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Eminent domain amendment fails in senate: under the Craig amendment, ... if a state or local government were to use the power of eminent domain for these public purposes, even if such action was completely in accordance with the Supreme Court's decision in Kelo, its own statutes, ordinances, and regulations, the state or local government could lose all federal funding for a period of five years.

Last week, an amendment by Sen. Larry Craig (R-Idaho) concerning eminent domain failed. The amendment would have preempted state and local land use laws by prohibiting any state or local government from exercising eminent domain authority over any "farmland or grazing land for the purpose of a park, recreation, open space, conservation, preservation view, scenic vista or similar purpose."

Craig withdrew the amendment after the Senate voted it down 37-58. Under the amendment, which was offered to H.R. 2419, the Food and Energy Security Act of 2007, also known as the Farm Bill, if a state or local government were to use the power of eminent domain for these public purposes, even if such action was completely in accordance with the Supreme Court's decision in Kelo, its own statutes, ordinances, and regulations, the state or local government could lose all federal funding for a period of five years.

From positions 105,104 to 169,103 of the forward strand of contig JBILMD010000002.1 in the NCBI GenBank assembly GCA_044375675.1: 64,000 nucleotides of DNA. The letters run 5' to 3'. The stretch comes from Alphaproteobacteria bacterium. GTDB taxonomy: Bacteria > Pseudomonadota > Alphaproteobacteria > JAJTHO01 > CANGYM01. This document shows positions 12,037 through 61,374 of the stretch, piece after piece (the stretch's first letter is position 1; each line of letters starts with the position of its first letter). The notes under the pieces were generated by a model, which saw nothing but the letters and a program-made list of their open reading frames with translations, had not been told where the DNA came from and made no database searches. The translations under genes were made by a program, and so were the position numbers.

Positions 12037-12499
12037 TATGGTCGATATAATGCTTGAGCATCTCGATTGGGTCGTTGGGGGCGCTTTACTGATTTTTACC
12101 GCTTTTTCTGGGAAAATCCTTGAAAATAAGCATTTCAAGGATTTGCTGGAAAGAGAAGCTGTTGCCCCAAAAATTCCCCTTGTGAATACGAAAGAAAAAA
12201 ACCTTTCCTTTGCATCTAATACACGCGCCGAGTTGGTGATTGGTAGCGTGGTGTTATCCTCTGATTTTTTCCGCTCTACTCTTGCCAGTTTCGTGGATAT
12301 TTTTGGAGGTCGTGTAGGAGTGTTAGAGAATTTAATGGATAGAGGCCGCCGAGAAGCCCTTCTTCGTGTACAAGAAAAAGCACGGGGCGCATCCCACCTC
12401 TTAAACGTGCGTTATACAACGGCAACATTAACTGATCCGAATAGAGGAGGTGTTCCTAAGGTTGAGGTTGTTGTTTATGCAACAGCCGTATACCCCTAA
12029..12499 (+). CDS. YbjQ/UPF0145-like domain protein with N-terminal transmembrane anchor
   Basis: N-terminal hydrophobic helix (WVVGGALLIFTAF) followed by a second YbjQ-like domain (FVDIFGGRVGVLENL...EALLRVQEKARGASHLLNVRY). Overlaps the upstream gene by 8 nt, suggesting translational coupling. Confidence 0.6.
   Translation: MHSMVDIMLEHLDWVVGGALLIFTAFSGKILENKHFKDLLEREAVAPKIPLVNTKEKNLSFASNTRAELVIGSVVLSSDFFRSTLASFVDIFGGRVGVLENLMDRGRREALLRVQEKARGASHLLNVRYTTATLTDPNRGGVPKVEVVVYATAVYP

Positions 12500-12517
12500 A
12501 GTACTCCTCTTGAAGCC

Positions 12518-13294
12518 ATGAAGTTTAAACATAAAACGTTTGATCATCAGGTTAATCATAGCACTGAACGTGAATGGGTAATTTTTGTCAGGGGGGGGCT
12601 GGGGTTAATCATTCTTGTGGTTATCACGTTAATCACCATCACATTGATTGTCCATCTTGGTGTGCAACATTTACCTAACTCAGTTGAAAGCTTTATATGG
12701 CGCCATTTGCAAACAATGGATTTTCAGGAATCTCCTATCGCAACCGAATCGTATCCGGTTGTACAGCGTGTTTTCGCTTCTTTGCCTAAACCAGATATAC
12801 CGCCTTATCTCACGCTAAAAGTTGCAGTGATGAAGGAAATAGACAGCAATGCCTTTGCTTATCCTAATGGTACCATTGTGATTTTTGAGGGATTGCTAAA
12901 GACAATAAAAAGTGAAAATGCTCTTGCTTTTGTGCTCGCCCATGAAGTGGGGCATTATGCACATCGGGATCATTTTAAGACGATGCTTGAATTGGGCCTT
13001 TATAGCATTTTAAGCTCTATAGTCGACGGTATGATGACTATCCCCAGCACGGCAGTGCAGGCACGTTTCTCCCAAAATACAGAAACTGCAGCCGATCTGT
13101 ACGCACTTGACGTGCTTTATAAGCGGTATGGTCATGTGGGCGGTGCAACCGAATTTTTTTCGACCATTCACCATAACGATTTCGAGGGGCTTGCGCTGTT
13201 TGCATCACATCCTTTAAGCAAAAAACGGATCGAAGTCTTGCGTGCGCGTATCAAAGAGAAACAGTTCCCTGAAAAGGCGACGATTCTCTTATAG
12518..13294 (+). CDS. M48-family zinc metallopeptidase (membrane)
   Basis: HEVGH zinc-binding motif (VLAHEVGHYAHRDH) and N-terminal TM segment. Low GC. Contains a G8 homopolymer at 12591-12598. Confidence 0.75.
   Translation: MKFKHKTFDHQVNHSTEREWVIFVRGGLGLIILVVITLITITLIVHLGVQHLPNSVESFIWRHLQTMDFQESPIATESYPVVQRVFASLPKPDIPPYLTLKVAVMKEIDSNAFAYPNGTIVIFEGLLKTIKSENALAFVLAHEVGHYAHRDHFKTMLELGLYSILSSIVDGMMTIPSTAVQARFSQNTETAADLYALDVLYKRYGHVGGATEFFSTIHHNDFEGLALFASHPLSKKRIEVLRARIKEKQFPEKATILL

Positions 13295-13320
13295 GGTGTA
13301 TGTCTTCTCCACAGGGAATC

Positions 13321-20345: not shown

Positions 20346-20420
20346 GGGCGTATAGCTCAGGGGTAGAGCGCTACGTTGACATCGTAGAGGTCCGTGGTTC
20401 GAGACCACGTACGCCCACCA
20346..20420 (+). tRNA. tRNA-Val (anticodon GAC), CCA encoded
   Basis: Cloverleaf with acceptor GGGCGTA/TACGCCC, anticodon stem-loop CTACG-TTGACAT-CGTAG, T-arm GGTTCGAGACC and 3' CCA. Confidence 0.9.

This was Congress's second attempt to undo the Supreme Court's Kelo ruling. In 2005, months after the Kelo decision, several proposals were introduced that would have stripped state and local governments of their eminent domain authority. NLC and its allies successfully defeated both attempts to preempt state and local laws, protecting state and local efforts to preserve natural resources for legitimate public purposes.
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Author:Berndt, Carolyn
Publication:Nation's Cities Weekly
Article Type:Brief article
Date:Dec 17, 2007
Words:212
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